It’s clear that the pistachio, now available domestically in greater quantities and with an impressive nutrient profile, is a bright new star in snacks of all types, both sweet and savory. Yet pistachios also have a unique ability among less glamorous nuts to stand out as a global ingredient. They are increasingly showing up in recipes and food products with their native Mediterranean, Middle Eastern and even Indian roots re-vivified. As American consumers continue delving into global culinary traditions in search of new flavors and cultural experiences, pistachios represent a unique opportunity to introduce savvy eaters to new food adventures with Old World colors.
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The Culinary Trend Mapping Report is an indispensable tool for those whose job it is to stay abreast of what's hot—and what will be—in the food world.
The reports leverage the CCD Innovation’s signature Trend Mapping technique, a validated method for identifying which culinary trends are gaining traction and which are simply flashes in the pan.
Each 65+ page journal is packed with trends, data, strategies and insights on the food industry that simply aren't available anywhere else. To further enrich our already industry leading analysis, our reports now include new charts, listings, and other features based on results culled from Datassential MenuTrends, a database that tracks 7,000 distinct U.S. restaurants and over one million menu items.
Each Issue of the Culinary Trends Mapping Report
- Identifies the maturity level of foods and ingredients according to CCD’s unique, proprietary 5-stage trend mapping process.
- Concentrates on a theme that is affecting the food industry, and then looks at the emerging and established trends along the Trend Map that are shaping this theme.
- Delves into these trends and what they mean for you and the manufacturing, retailing, and foodservice industries.
- Gives strategic insight into how consumers are thinking of and reacting to new foods and ingredients.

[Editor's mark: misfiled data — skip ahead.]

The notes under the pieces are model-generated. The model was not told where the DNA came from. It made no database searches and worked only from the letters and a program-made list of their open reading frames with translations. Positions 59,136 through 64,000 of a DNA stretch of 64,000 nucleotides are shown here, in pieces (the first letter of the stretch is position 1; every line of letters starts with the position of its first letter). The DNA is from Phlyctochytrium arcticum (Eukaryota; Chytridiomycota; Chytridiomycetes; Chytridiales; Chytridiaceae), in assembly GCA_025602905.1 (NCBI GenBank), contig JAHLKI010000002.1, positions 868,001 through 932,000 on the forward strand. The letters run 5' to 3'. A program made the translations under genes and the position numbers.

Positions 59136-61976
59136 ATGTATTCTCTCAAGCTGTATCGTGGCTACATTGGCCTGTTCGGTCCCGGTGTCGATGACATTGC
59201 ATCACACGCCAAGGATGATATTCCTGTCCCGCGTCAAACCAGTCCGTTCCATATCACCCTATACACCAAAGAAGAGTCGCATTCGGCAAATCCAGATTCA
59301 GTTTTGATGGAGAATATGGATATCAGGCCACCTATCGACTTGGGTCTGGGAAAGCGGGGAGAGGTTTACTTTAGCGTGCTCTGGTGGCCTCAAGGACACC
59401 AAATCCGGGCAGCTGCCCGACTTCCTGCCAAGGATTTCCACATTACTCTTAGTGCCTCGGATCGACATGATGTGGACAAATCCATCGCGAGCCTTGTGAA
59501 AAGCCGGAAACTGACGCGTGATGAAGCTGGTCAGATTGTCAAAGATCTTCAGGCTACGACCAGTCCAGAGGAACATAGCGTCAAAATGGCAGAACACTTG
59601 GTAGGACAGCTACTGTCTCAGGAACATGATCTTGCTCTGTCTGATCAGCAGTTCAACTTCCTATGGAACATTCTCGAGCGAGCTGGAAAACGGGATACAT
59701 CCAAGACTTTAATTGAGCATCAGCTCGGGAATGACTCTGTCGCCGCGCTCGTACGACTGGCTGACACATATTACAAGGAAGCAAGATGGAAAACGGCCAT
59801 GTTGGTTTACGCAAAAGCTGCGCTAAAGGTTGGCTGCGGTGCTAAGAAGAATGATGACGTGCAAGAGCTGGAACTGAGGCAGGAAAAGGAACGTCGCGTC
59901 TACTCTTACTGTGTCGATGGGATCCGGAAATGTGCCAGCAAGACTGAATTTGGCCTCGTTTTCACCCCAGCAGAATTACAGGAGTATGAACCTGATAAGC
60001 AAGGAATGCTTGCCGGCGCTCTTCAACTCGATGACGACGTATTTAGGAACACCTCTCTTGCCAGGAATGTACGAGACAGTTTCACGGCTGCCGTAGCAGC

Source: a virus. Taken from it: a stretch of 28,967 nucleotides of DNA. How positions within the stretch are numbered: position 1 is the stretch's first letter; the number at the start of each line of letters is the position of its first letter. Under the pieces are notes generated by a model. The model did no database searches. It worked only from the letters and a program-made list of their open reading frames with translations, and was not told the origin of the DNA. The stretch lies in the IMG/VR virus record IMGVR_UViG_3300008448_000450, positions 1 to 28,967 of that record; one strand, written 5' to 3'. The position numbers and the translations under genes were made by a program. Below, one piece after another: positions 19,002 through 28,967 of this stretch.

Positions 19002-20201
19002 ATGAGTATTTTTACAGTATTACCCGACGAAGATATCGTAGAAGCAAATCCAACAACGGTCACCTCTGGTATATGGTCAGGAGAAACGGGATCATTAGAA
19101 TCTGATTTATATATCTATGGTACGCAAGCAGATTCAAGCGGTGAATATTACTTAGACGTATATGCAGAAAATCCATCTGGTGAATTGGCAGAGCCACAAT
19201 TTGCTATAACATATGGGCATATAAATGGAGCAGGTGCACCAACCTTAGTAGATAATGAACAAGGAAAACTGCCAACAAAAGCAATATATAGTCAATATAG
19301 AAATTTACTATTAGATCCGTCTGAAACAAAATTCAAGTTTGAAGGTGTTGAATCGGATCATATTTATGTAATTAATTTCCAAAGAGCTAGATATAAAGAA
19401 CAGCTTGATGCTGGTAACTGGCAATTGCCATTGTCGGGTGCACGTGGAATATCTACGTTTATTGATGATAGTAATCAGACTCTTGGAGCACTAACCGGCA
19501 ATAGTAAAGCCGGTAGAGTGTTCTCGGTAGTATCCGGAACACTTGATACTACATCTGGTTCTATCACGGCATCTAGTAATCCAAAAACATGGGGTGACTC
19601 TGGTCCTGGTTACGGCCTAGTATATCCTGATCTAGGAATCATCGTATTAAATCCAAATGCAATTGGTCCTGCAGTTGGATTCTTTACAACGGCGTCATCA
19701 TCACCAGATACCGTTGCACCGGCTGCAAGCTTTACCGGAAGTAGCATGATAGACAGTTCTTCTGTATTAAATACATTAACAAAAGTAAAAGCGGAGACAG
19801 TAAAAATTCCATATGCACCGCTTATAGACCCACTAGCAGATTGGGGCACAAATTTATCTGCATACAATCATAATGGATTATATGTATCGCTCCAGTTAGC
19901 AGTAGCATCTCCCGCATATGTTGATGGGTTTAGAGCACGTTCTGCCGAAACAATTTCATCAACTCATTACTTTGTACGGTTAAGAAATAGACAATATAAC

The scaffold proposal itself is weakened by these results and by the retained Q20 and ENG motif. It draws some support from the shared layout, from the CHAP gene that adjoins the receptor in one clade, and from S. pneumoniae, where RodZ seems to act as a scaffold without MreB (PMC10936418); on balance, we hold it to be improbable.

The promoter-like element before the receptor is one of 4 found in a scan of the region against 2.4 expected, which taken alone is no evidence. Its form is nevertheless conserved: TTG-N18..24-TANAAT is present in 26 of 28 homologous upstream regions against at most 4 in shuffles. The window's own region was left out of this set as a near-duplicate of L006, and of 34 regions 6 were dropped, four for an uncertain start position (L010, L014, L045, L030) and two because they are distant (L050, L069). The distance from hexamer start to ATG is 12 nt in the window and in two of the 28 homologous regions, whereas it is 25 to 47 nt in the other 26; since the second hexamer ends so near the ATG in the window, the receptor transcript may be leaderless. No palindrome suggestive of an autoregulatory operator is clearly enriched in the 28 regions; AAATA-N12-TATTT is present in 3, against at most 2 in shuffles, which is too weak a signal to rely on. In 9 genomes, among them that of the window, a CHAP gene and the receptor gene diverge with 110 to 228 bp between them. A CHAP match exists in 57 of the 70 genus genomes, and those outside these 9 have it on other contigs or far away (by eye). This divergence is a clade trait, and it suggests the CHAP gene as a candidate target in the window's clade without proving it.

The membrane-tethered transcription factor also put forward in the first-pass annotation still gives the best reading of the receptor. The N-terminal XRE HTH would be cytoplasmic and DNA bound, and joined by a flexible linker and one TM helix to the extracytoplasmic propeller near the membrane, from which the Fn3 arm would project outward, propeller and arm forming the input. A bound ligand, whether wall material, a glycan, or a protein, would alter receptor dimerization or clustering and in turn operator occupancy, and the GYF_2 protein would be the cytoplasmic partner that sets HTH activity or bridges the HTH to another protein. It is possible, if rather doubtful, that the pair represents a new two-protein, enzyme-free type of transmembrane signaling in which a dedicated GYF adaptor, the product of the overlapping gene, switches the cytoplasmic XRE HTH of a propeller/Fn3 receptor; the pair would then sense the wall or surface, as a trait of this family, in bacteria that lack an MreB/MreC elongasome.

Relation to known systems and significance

- Provides business know-how regarding opportunities, challenges, and ways to implement current trends into foodservice, retail, and packaged goods operations.
- Presents a feature interview with a member chef from CCD’s exclusive 80+ member Chefs’ Council who offers expert analysis and unique perspective on a specific trend.
Trend Mapping is guided by the premise that major food trends pass through five distinct stages on their way to the mainstream:
- Stage 1: The ingredient, dish and/or cooking technique appears at upscale dining establishments, ethnic and popular independent restaurants.
- Stage 2: The item is featured in specialty consumer-oriented food magazines such as Bon Appetit plus retail stores such as Sur La Table that target culinary professionals and serious home cooks.
- Stage 3: The item begins to appear in mainstream chain restaurants—Applebee's or Chili's—as well as retail stores such as Williams-Sonoma that target recreational cooks.
- Stage 4: Publications such as Family Circle and Better Homes and Gardens pick up the buzz.
- Stage 5: Finally, the trend makes its way to quick service restaurant menus and either starts to appear or gains increased mainstream presence on grocery store shelves.